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The Bayeux War Cemetery is one of the largest of 18 military cemeteries in Normandy, with somewhere around 4,000 graves -- many of which mark the plots of soldiers who were never identified. These headstones are inscribed with "A Solider Known Unto God." Keep in mind that if you're an American looking for your ancestors, you'll most likely have more luck at the American Cemetery in Colleville-sur-Mer. This one contains soldiers from the United Kingdom and "the Continent," including some from Germany.
One TripAdvisor user was very touched by the cemetery, saying: "We visited the cemetery before going to the museum. I found it very moving to see the graves of so many young men, who must have been so terrified of what they were about to face. Some of the graves are touching each other where 2-3 soldiers/airmen/navymen died together." Another TripAdvisor user says this: If you need a simple lesson in the consequences of war, just come here and look at the many lives cut short. The sacrifices on both sides of the conflict … have given us peace in much of Europe for over 60 years."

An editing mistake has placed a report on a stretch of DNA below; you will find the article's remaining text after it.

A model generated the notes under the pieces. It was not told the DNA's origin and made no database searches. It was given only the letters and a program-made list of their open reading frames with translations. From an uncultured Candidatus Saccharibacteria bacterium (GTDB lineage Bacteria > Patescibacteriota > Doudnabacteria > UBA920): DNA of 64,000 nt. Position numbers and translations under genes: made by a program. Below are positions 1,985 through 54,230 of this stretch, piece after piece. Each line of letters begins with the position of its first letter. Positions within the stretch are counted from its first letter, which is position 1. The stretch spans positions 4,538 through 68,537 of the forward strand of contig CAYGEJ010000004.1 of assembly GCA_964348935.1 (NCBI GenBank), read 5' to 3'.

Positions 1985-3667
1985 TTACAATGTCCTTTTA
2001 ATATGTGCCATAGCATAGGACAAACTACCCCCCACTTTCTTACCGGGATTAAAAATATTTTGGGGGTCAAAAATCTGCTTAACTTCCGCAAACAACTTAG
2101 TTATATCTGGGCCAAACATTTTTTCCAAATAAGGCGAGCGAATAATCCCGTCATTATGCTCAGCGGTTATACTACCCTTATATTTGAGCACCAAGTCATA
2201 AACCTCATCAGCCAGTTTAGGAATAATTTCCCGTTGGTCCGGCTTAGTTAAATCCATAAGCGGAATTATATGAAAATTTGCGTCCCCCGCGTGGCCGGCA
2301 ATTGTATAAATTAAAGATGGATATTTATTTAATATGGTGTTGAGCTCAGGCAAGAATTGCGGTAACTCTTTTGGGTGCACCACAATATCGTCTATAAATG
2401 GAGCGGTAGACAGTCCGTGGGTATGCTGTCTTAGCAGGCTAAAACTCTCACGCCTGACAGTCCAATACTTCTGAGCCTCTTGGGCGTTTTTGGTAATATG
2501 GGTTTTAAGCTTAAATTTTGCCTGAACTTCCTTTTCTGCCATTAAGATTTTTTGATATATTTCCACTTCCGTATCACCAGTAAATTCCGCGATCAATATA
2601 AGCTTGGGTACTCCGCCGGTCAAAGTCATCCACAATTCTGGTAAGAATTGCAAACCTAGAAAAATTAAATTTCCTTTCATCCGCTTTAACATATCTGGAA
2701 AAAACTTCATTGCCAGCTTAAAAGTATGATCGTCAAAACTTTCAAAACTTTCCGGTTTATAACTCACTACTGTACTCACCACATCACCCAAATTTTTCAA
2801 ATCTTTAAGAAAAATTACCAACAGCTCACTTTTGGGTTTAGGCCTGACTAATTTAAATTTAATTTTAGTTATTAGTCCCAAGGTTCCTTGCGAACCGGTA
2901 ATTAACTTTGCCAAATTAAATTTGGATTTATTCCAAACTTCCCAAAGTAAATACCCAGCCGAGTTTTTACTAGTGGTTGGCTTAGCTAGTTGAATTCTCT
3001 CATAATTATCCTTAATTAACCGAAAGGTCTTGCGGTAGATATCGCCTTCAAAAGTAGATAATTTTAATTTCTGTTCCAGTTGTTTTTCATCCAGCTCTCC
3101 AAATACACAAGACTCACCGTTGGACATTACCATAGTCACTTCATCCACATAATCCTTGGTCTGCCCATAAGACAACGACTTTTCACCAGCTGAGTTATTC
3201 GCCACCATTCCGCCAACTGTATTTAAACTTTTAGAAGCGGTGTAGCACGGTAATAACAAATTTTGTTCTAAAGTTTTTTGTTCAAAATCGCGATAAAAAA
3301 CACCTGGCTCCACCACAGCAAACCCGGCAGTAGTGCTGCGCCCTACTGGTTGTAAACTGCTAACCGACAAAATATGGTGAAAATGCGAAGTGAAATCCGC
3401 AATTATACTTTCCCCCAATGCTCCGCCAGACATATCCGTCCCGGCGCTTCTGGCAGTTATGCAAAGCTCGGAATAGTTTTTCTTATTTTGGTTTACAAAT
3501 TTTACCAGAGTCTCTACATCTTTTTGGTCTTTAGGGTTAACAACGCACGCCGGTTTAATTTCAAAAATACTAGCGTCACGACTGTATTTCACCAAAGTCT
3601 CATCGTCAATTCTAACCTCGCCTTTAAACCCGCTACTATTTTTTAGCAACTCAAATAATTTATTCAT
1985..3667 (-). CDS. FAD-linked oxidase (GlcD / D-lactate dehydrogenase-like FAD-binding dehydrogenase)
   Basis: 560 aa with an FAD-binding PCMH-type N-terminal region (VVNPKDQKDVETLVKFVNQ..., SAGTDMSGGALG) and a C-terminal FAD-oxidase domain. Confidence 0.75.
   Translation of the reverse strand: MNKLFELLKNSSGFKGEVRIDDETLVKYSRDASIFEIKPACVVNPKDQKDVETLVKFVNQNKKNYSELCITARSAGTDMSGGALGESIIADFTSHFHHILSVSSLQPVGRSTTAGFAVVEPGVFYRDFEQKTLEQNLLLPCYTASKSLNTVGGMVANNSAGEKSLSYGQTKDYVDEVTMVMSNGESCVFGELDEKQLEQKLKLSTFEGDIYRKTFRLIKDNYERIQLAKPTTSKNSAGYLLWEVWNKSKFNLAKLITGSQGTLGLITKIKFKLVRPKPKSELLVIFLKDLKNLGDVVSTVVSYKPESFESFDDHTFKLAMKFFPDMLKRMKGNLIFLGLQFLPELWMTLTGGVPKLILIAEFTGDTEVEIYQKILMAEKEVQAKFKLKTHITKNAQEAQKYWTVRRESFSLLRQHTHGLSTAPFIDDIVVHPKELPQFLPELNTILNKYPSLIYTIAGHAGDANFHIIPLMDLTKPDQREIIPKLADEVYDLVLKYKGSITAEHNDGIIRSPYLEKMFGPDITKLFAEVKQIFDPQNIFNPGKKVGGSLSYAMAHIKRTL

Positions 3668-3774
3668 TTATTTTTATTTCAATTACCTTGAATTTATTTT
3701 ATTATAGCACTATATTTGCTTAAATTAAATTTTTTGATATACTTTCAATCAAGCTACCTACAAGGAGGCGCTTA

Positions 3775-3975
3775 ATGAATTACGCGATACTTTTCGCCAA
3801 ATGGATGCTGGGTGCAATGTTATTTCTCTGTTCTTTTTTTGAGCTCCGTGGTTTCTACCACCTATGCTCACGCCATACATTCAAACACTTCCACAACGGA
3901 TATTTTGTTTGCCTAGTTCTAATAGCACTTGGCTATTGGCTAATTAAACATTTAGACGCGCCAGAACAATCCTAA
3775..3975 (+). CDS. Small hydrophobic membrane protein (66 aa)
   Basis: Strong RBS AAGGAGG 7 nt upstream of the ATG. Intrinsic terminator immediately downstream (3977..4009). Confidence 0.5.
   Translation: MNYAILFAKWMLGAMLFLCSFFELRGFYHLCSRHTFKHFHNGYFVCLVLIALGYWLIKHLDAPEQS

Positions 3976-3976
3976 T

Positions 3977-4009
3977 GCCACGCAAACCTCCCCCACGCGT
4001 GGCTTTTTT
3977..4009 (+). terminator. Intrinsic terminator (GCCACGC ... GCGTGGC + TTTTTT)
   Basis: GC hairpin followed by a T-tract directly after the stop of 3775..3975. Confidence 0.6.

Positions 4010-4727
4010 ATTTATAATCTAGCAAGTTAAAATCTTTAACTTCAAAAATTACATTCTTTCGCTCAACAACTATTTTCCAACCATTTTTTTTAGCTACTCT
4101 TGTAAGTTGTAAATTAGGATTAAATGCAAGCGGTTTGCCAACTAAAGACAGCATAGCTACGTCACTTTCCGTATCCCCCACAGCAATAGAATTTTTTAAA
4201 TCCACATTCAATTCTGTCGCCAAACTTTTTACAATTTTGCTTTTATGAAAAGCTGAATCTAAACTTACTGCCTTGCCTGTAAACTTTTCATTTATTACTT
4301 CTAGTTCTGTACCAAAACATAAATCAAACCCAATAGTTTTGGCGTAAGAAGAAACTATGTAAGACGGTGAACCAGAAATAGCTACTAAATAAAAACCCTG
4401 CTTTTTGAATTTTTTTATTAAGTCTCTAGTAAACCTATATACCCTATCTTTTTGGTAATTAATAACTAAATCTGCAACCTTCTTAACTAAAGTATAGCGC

- #5View all Photos#5 in NormandyChurches/Religious Sites, SightseeingTYPEHalf Day to Full DayTIME TO SPENDChurches/Religious Sites, SightseeingTYPEHalf Day to Full DayTIME TO SPENDRead More
Surrounded by sea in the high tide and sand in low, Abbaye du Mont-Saint-Michel is one of France’s most-toured sites outside of the popular Parisian landmarks. Its first incarnation was raised on the 264-foot-high rock in 1144, but additions were added well into the 19th century. Today, you can tour the abbey and the little village at its base. Tours are offered all year-round, but you can also traipse the massive structure on your own.